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How to Establish a Community Garden in your HOA Community

Posted by IKO Community Management on May 29, 2014 at 12:08 PM

A community garden can be a great way to bring your community together! A garden is a fantastic way to teach kids responsibility and bring families together during the spring and summer months.

Families can grow their own food, and see the rewards of their hard work in a tangible and tasty way. What kid (or child at heart) doesn’t enjoy a chance to play in the dirt, especially when it results in tasty food? Extend the fun and benefits to your community!

Community gardens are wonderful ways to:

  • Promote community spirit
  • Use under-utilized spaces in a beautiful and productive way
  • Promote family bonding
  • Provide a supplemental source of healthy food

IKO Management would like to share tips for establishing a garden in your HOA community! Here are some suggestions to get you started planning your community garden:

  • Get the HOA board’s approval –A community garden is a big project and you need to make sure everyone is on board!
  • Rules - Establish guidelines for the use and maintenance of the space, such as how often the lot should be weeded and warn against leaving tools lying around. A community meeting is a great way to raise awareness for the project and to get everyone excited!
  • Register - Sign up for lots before the community garden is prepared! Ask families for a nominal fee to help cover the costs of preparing the site as well as costs associated with irrigating the site.
  • Chose a site -The site should be in a common area, easily accessible but away from homes. Look for under-utilized spaces that can be improved by a community garden!
  • Partner – Find a local farmer who is willing to volunteer to educate families about growing techniques. The farmer can also suggest what fruits, vegetables and flowers will work best for your space. Remember, spring and summer are especially busy time for farmers! Many have hundreds of acres of produce to take care of, as well as animals. If possible, set up a meeting in late winter or early spring, before the frost ends, when farmers are less busy.
  • Set up your site - Raised bed gardens are a beautiful and practical option! The site should be properly planned and constructed to ensure continual use and to keep it aesthetically pleasing. The community garden should add value to your HOA community, not be an eyesore. Have everyone pitch in with hammers, shovels and plenty of good soil. Encourage ownership of the project from the very beginning.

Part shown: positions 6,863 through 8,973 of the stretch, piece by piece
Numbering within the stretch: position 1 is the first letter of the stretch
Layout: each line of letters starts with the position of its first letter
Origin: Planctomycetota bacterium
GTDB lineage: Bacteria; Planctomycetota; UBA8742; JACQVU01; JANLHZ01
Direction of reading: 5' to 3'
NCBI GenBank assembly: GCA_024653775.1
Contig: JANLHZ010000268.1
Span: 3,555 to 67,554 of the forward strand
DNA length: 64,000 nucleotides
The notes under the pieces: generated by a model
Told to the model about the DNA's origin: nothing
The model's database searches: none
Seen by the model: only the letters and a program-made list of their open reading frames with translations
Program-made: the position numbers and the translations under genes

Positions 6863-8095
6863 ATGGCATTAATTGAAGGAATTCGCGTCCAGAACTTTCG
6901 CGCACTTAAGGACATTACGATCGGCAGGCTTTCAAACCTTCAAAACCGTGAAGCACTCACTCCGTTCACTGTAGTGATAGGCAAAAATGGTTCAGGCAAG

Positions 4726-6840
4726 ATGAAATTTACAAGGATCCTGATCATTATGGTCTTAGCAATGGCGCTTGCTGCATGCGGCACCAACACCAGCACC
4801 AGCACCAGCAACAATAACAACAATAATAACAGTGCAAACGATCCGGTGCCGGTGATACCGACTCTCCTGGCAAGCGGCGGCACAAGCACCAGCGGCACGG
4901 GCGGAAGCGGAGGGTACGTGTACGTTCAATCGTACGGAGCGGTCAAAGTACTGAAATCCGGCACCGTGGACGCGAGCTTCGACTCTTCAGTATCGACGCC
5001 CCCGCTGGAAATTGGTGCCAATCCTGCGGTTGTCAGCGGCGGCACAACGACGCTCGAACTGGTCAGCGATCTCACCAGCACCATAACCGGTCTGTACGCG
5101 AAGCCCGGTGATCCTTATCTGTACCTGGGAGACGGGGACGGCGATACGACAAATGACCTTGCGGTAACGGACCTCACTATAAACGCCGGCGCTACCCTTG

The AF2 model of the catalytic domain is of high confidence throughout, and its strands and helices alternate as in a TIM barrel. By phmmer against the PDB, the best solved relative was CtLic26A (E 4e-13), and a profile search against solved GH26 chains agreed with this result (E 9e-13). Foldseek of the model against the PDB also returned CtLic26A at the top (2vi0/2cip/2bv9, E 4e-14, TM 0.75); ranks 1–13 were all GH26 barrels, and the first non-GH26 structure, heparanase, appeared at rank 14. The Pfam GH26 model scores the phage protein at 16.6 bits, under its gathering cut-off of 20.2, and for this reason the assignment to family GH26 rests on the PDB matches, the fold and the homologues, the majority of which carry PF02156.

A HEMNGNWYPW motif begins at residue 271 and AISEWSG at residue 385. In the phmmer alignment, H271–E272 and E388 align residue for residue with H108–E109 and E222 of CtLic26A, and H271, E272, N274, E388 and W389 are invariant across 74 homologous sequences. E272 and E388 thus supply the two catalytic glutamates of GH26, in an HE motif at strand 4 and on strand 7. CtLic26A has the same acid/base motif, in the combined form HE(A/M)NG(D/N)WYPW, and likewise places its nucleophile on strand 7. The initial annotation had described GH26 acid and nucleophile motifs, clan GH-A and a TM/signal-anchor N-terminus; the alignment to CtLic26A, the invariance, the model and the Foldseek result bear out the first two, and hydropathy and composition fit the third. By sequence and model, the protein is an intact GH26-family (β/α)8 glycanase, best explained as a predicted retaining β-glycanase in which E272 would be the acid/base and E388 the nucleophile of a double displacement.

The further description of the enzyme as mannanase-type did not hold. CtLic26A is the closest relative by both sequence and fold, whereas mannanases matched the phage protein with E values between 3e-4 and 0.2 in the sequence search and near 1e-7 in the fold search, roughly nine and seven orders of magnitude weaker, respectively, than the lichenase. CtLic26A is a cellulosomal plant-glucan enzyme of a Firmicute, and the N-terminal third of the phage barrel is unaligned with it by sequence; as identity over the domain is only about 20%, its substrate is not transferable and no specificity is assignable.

Bring out your sunscreen! Before you get to work, make sure you’re prepared with the following:

  • Plenty of sunscreen or other protection
  • Water
  • Gardening glove to protect your hands from blisters
  • A towel, foam pad, or small bench to ease the impact on your knees.

Now that your community garden is set up, get to it! The possibilities are endless.

  • Plant seeds or seedlings. Seedlings can be started indoors before the designated planting time if desired.
  • Mulch the area if appropriate.
  • Weed the beds when needed.
  • Make sure the plants have adequate water, especially during the hottest days of summer.

Remember, a garden doesn’t come to life overnight. A garden takes patience, diligence, and hard work. Ask kids to keep journals recording the growth of their gardens, with pictures of weekly changes and the final harvest. This is a great way to show children the benefits of hard work and patience.

Spring and summer are the best times of year for eating fresh, local produce. Picnics, block parties and other community events can now be personalized with fruits and veggies that were grown by families in your community! Kids can show off their hard work and your community will be eating delicious, healthy food throughout the summer.

So get ready for a fun and rewarding season of community gardening? Get to it and get your hands dirty! IKO Community Management wishes everyone a safe, happy, and fruitful summer! Happy gardening!

Download IKO's Guide to HOA Rules and Bylaws

Topics: Homeowners, HOA Board